Asthma is a common disorder of the respiratory system. This condition affects both adults and children. This long-term disorder is untreatable. Doctors and caregivers should use long-term and short-term medicines to control asthma. This paper examines the effects of these medications. The paper also describes the effectiveness of the Stepwise Approach in asthma management.
Long-term Control and Quick-Relief Treatment Options for Asthma Patients
Long-term control drugs are used to prevent various symptoms associated with asthma. Such medicines also “reduce the level of airway inflammation” (Hardin, 2013, p. 19). The targeted treatment method depends on the severity of the condition. Patients should avoid every kind of allergen. Such allergens can worsen a person’s condition. Some of these drugs include Methylxanthines, Corticosteroids, and Immunomodulators. Most of these drugs can reduce various symptoms. However, high doses can produce systemic effects. The use of corticosteroids can cause growth delays in children. However, such drugs make it easier for individuals to complete their daily activities.
Physicians can also use quick-relief options for their patients. Such medicines are used to relieve specific asthma symptoms. Such drugs will produce positive results within a short period. Quick-relief inhalers will also produce positive results within the shortest time possible. A good example is short-acting beta-agonist. Some other drugs include Levalbuterol, Terbutaline, and Metaproterenol. The major side-effects associated with these drugs include “anxiety, restlessness, and tremor” (Applegate, Lauer, Lenart, Gatling, & Vadi, 2013, p. 6).
The Stepwise Approach: Asthma Treatment and Management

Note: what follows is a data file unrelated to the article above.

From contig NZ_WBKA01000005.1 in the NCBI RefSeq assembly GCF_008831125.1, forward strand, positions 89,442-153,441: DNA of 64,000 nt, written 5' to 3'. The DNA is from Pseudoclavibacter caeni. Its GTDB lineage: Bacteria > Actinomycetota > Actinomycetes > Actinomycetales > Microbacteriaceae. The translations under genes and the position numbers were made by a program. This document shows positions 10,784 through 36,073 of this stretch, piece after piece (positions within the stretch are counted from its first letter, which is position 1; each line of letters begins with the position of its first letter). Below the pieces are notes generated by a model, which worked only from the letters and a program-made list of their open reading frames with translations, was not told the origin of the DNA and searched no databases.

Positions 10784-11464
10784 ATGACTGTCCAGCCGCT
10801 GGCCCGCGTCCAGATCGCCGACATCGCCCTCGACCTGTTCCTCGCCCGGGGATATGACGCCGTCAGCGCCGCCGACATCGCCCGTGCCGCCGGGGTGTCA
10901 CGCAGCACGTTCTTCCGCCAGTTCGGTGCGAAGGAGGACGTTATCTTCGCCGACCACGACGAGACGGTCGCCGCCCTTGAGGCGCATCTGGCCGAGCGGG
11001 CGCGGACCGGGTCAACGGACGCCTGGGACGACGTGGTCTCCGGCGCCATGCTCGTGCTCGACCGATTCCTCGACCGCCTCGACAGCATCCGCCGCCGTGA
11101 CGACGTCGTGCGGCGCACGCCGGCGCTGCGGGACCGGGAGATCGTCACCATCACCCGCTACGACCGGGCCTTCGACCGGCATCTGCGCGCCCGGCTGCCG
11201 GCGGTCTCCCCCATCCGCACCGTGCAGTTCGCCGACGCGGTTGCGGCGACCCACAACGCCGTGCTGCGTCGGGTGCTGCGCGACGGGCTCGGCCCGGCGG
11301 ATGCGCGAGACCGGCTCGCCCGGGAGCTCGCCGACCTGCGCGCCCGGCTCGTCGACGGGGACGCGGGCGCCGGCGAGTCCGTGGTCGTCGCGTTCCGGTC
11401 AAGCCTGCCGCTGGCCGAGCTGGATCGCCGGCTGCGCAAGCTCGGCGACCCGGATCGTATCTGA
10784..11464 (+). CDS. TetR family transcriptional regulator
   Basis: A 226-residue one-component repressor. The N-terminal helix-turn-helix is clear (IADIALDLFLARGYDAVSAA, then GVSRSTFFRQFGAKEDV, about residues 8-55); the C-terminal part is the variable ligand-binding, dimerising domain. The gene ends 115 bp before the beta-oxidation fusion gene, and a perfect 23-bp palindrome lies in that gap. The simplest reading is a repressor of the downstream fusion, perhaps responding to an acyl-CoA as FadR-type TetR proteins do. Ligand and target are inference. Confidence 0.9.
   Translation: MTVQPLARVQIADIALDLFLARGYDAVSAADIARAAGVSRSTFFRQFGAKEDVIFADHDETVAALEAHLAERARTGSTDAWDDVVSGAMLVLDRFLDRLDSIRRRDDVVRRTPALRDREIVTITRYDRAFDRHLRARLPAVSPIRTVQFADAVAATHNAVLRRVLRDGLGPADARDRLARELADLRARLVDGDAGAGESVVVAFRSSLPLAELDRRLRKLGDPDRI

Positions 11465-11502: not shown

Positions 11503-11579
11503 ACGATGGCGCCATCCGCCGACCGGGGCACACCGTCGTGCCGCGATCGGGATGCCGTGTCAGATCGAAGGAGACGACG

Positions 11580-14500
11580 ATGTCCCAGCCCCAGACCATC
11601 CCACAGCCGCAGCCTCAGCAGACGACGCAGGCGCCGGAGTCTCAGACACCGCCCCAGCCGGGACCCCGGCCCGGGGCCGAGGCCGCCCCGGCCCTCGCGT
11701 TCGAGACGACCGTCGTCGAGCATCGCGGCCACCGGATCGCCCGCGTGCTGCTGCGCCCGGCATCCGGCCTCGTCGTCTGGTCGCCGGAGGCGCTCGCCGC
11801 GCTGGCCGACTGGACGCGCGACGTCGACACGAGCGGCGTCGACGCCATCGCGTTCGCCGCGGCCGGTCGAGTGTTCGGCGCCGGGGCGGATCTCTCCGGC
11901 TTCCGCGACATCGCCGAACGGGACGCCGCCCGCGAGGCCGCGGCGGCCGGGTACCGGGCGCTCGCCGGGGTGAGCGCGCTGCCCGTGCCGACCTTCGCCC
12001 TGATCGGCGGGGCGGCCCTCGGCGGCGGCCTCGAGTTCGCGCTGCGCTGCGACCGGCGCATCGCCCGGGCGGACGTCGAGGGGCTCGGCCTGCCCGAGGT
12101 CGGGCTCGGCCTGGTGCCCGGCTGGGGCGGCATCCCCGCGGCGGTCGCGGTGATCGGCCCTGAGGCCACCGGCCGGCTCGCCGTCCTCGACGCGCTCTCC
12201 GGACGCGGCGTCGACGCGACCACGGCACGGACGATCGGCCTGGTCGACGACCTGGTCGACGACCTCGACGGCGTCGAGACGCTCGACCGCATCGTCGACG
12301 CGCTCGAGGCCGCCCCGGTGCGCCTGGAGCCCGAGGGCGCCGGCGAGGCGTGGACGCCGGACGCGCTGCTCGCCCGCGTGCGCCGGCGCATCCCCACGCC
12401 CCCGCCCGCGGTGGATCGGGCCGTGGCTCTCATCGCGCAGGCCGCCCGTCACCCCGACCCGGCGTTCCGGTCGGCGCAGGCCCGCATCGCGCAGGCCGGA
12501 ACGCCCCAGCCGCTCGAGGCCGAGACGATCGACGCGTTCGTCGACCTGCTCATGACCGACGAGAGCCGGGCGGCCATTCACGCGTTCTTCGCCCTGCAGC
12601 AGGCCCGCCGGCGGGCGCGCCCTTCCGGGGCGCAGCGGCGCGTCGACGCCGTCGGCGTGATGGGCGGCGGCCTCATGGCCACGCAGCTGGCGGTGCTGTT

Patients and doctors should use the best Disease Management Plans (DMPs) for their patients. Every DMP should be executed in a safe and efficient manner. The Stepwise Approach is a systematic practice aimed at managing asthma. Doctors should “increase or decrease the frequency of medications depending on the targeted situation” (Arcangelo & Peterson, 2013, p. 28). That being the case, the initial treatment regime depends on the severity of the disease. Subsequent treatment regimes depend on the targeted symptoms.
Doctors should also assess every future risk associated with asthma. The risk of “an asthma exacerbation is critical whenever supporting the needs of different patients” (Bernstein & Levy, 2012, p. 28). Doctors should also consider the side-effects associated with different long-term medicines. The “Stepwise Approach also encourages patients to take their drugs as directed by their doctors” (Bernstein & Levy, 2012, p. 42). Patients should continue taking drugs even if they have no symptoms (Applegate et al., 2013). The approach therefore supports the health needs of different asthmatic patients.
How the Stepwise Approach Assists Patients and Healthcare Providers
The Stepwise Approach encourages many health care providers to control this chronic disease. Doctors and caregivers should examine the risks and symptoms exhibited by their patients. The next step is using appropriate medications. Health care providers “can use the approach to examine the frequency of side effects and asthma exacerbations” (Hardin, 2013, p. 85). This knowledge will make it easier for them to deal with various risks associated with the disease. An appropriate dose will therefore produce the required balance. The Stepwise Approach “encourage patients to take their medications in a proper manner” (Berger, 2014, p. 49).
Individuals should not stop taking their medications after their symptoms decrease. Every patient should avoid different allergens. A proper medication will “ensure every patient is symptom-free” (Bernstein & Levy, 2012, p. 48). Health care providers and patients should work together in order to achieve the best health outcomes.
Applegate, R., Lauer, R., Lenart, J., Gatling, J., & Vadi, M. (2013). The Perioperative Management of Asthma. Journal of Allergy and Therapy, 1(1), 1-7. Web.
Arcangelo, V., & Peterson, A. (2013). Pharmacotherapeutics for Advanced Practice: A Practical Approach. Ambler, PA: Lippincott Williams and Wilkins.
Berger, W. (2014). Teen’s Guide to Living With Asthma. New York, NY: Wiley.
Bernstein, J., & Levy, M. (2012). Clinical Asthma: Theory and Practice. New York: CRC Press.
Hardin, K. (2013). Asthma Compliance with Medications, Treatment, and Education. New York, NY: ProQuest Press.